- When shopping sales, ask yourself if you'd pay the full price for the item. If you wouldn't, you don't likely need it. This, by no means, means that you have to not take advantage of sales, but it can help you sort through the good - and unnecessary - stuff when shopping.
- If you have more than one child, work to invest in items for the oldest that have the quality to last through all of your children and beyond. This is called "heirloom quality." And, this concept doesn't just have to be for skates and life jackets! Choosing footwear and basic clothing in smaller increments as it is needed is a great move away from fast fashion, and can still be done with children's sizes, too.
- When buying heirloom quality, choose basics that can suit all of your kids - basics like crew neck sweaters, boots, t-shirts and jackets.
- Opt for natural fabrics - as these can fully degrade at the end of their useful life. Anything mixed with spandex has plastics in it. Basic cotton is the most standard option for children's clothing, and can be very affordable.
- Watch small, quality clothing brands for sales and shop the next size, or thrift in advance for the next size. Once your child needs it, you won't need to contemplate the pile of t-shirts that won't look fresh a few months later in the fast fashion shops (and likely get to do it from the comfort of your couch!)
10. Remember that our society's level of consumption is NOT normal, and you don't need to participate in any of this.
So, the key takeaway here is to not feel pressured to buy into the whole frenzy of buying new just because everyone else is doing it. I truly understand the parental guilt that ratchets up at moments like this - if I don't do x, y or z, then my child will feel left out/stuck out/singled out. I'm already anticipating it for Christmas and every birthday party I will ever plan for my little boys, because I still feel it all the time, even knowing that I want to be more conscious about our consumption. It's there, it's real, and we need to acknowledge it and move forward in a better way than succumbing to it. Because if that guilt is allowed to sink in, we’ll be on the fast-track to feeling out of control and spending without control, which is exactly what the marketing and consumer cycle has planned for these feelings. It doesn't have to be that way; there are other ways to value our precious little guys.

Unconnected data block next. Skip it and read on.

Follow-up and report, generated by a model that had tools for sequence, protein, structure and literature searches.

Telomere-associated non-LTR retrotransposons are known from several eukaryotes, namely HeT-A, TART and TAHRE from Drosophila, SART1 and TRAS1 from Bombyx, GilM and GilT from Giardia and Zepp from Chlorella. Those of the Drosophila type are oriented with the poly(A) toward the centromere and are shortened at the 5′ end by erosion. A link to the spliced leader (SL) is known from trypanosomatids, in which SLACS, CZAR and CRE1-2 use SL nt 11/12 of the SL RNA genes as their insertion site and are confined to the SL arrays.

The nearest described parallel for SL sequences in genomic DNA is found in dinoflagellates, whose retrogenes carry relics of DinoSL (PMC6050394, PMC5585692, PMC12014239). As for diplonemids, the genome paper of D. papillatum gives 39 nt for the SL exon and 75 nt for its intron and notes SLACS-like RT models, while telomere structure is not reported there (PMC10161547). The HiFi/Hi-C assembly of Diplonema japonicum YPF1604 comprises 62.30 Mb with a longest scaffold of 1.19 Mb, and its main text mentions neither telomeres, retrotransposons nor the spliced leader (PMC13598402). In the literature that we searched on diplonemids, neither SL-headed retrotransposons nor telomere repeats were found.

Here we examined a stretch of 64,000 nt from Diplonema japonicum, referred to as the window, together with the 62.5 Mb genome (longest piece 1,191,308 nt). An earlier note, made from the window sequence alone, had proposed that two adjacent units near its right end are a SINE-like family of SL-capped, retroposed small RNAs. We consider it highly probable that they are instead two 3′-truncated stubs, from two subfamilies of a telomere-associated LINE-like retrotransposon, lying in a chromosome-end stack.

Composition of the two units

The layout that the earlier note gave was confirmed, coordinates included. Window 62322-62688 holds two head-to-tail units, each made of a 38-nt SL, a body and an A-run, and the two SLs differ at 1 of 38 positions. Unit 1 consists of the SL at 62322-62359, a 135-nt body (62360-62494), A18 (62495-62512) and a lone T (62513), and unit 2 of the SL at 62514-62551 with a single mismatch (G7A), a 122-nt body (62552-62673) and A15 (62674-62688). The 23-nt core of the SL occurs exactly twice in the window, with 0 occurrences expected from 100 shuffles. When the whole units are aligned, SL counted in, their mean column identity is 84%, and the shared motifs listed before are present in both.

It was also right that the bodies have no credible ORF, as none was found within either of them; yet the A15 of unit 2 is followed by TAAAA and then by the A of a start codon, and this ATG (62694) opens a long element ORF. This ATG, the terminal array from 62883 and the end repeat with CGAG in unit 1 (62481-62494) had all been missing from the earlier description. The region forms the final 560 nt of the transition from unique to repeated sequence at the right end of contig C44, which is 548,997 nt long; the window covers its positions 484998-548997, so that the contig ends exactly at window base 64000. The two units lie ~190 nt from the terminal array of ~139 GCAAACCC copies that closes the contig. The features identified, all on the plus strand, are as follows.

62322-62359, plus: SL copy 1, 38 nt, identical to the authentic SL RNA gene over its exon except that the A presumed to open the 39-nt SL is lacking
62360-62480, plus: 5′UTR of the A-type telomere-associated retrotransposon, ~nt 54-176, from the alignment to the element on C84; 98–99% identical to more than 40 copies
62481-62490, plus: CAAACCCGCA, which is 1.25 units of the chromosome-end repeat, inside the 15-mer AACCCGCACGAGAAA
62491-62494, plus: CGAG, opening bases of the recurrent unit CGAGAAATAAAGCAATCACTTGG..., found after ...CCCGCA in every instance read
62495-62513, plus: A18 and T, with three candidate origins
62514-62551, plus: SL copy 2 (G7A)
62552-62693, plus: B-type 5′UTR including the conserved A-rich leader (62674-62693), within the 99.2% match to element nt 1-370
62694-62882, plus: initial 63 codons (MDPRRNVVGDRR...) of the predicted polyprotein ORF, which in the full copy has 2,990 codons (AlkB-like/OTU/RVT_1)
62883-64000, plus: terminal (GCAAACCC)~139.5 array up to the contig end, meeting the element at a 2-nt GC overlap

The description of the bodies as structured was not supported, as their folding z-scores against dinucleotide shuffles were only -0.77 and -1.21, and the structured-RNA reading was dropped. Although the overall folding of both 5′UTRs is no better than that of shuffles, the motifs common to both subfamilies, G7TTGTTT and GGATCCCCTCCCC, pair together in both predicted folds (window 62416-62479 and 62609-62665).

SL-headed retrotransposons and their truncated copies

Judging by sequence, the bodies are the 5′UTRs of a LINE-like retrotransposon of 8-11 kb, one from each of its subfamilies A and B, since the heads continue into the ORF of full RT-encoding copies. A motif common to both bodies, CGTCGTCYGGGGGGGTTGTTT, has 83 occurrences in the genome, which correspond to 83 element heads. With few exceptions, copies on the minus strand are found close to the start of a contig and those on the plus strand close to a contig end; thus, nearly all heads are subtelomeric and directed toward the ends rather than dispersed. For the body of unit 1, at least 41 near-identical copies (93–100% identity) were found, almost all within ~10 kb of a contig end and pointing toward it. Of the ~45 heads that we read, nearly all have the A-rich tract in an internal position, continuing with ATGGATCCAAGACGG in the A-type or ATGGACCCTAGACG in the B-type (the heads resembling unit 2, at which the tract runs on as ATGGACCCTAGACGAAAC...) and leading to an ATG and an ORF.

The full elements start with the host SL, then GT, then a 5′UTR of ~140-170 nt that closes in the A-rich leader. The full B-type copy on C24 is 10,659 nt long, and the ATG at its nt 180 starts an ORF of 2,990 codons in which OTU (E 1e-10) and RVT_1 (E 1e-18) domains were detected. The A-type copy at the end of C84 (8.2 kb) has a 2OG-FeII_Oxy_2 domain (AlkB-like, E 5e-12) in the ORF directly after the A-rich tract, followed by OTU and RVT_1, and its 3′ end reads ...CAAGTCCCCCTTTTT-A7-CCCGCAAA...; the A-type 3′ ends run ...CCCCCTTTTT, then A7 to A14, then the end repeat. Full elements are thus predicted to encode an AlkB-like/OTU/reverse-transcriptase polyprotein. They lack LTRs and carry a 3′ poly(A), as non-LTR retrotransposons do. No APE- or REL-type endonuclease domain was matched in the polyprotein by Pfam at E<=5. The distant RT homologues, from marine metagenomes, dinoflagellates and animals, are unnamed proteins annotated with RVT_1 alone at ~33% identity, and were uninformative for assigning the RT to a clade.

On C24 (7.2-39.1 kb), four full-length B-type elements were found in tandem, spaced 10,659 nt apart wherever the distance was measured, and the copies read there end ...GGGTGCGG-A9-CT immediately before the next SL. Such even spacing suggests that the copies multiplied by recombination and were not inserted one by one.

The truth is, there are tons of children that cannot afford back to school shopping and this is just one more time that the split in socioeconomic status can be made clear to children. The more fresh, brand-new logo t-shirts a child has in September is unfortunately not helping them to bridge, understand, or empathize with that gap in the classroom or feel good about not having everything attainable to them later in life. There are so many good reasons to break free from this consumer cycle!
And quite honestly, there is more to be gained in helping our children understand their place in resource use and the waste cycle than there is in helping them learn how to jump into the overconsumption that plagues our society. What has always been normal about this stuff is not actually normal, and it doesn't lead to happiness or a better future for any of us. Children can play a role in helping us look at what we already have, being grateful for what exists already, and learning to see what we need and only go about acquiring that. Maybe there’s even a lesson in sewing, or fixing something up, or making it "new" with a fun iron-on patch each year rather than a whole new backpack. A lifetime of grabbing whatever we want, whenever we want, because it's on sale or we feel pressure to buy, is a scary lesson to walk forward with (and one I personally know the consequences of - a lot of debt, a lot of unhappiness, a lot of trying to find meaning with clothing instead of the internal stuff). We are also seeing that the key demographics dealing with climate anxiety are children and young adults, so this can be a way to help them feel they are making a difference in making change, too.
Anyway, if you feel like you're in the category the statistics from the start of this whole chat encompassed - the one that states this big back to school shop is a financial burden for 92% of families - here's a friend telling you that you don't need to do it. Use all of that energy that you’d normally put into back to school shopping and fretting about your child having something new and the debt you’ll acquire to get into planning some lasting memories with your child and having some good conversations about this stuff. If you ever feel tired and worn out from being on the other side of our consumer culture, just know that you’re doing the good work and it will all be worth it when you’re free of it all. And, if you're ever looking for more validation in exiting the consumption based life, check out our conscious consumption posts on our blog!